22/09/2015

Jarre's new album unites electronic greats


August 28, 2015


(Photo: Jens Koch)

On one track on Jean Michel Jarre's forthcoming Electronica 1: The Time Machine album, the French musician uses almost a century's worth of electronic instruments.

The first sounds on Close Your Eyes, a collaboration with French duo Air, emanate from a bank of oscillators, the kind used by electronic music pioneers Karlheinz Stockhausen and Pierre Schaeffer during the '50s. Over the next six minutes, Jarre and Air build a piece that incorporates tape loops, theremin, a Minimoog, a Vocoder, early sampling synthesizers and digital keyboards. The track ends with a sound created by an app on Jarre's iPad.

"It was kind of a nightmare to get it all together," says Jarre, 67, "but it really works, because you can use the warmth of the analog instruments and the precision, the edgy and crispy sounds of the digital plug-ins."

Close Your Eyes is Electronica 1 in a microcosm. Jarre's first album in eight years, coming out Oct. 16 via Ultra Music, features collaborations with prominent electronic musicians from the past five decades, from Jarre's early contemporaries in Air and Tangerine Dream to new EDM stars Armin van Buuren and Gesafflestein. Other acts on the album include Moby, Depeche Mode's Vince Clarke, filmmaker John Carpenter and classical pianist Lang Lang.

"The challenge and excitement in this project was to merge our DNAs, to find a fair balance between the style of the collaborator and mine," Jarre says.

Jarre has been a top name in electronic music since the 1970s, when his album Oxygène became a worldwide phenomenon, ultimately selling more than 15 million copies. He's also known for staging massive public events, sometimes playing in front of more than a million people.

Jarre dedicated four years to the Electronica project, which will see a second volume released in the spring. "The idea was to gather around me people who are directly or indirectly linked to electronic music, and who have been or still are a source of inspiration to me," he says.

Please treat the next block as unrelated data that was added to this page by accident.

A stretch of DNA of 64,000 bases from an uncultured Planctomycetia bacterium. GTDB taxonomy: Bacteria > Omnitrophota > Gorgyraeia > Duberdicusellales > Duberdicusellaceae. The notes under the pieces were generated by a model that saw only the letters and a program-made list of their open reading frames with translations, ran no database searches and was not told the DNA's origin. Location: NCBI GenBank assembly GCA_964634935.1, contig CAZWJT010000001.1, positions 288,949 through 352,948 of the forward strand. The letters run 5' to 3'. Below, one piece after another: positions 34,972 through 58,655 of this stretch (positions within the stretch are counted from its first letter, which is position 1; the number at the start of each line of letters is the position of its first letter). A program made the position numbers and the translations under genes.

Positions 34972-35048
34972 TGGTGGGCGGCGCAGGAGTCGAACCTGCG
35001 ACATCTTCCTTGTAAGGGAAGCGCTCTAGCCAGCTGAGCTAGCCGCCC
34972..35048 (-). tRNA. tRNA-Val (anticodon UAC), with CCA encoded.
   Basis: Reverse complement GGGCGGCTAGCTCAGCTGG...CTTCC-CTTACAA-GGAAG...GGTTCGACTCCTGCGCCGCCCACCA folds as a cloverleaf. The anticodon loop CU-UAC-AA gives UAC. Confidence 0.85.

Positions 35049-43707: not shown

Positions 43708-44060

In a time when musicians can take advantage of technology by sending files of their recordings back and forth online, often collaborating without ever meeting, Jarre injected a personal touch by traveling for face-to-face sessions.

"It's quite unusual to start a song from scratch and say, 'Let's share our toys together,'" he says. "Most of the time, when you are in the studio, you are revealing yourself, you're a bit naked. You can express your weaknesses, your awkward way of approaching sound. Sharing these intimate moments is like inviting somebody into your private room.

"It's very different from sending a file in an abstract way. It may work, but, as we know, it's more for marketing reasons to have these kind of collaborations. In this case, it was something I wanted to share with this person in particular."

Some of Jarre's choices were obvious picks, like Moby and Laurie Anderson. Others, like Pete Townsend, were less so. But Jarre says The Who guitarist ranked high on his wish list.

"He was the first guy to introduce sequencers into rock music with songs such as Baba O'Riley," Jarre says. Also, "as one of the creators of the rock opera as a genre, he has an epic approach to performance that's quite close to my approach of performances for big concerts."

The Electronica 1 track on which Townsend appears, called Travelator Part 2, is part of a three-part collaboration Jarre plans to release as a separate EP near Christmas.

While Carpenter may be best known as a director, the film scores he wrote, particularly for 1978's Halloween, did much to popularize electronic music. "People don't realize enough how important and influentical John Carpenter has been in electronic music," Jarre says. "He did his soundtracks by himself, using mostly electronic and analog synthesizers. He's a cult figure with DJs these days for good reasons."

Zero Gravity, the track Jarre created with German group Tangerine Dream turned out to be the group's final recording, as founder Edgar Froese died suddenly from a pulmonary embolism a few weeks after their sessions. Though both acts are considered giants of the scene, Jarre says, "We had never really met before."

Jarre says so many people accepted his offer to work together that he had to write more music, enough to release a second volume in the spring. "It was a like a birthday party where you launch invitations, expecting half of the people to come, and they all join the party," he says.

Electronica 2 will feature pairings with Cyndi Lauper, Gary Numan, film composer Hans Zimmer and director David Lynch.

Jarre expects to play some festivals next year and possibly stage a world tour. "Some collaborators might join forces in certain cities or special concerts," he says. "I'm excited to share the stage with some prestigious people that I love and respect."


       

Source: usatoda

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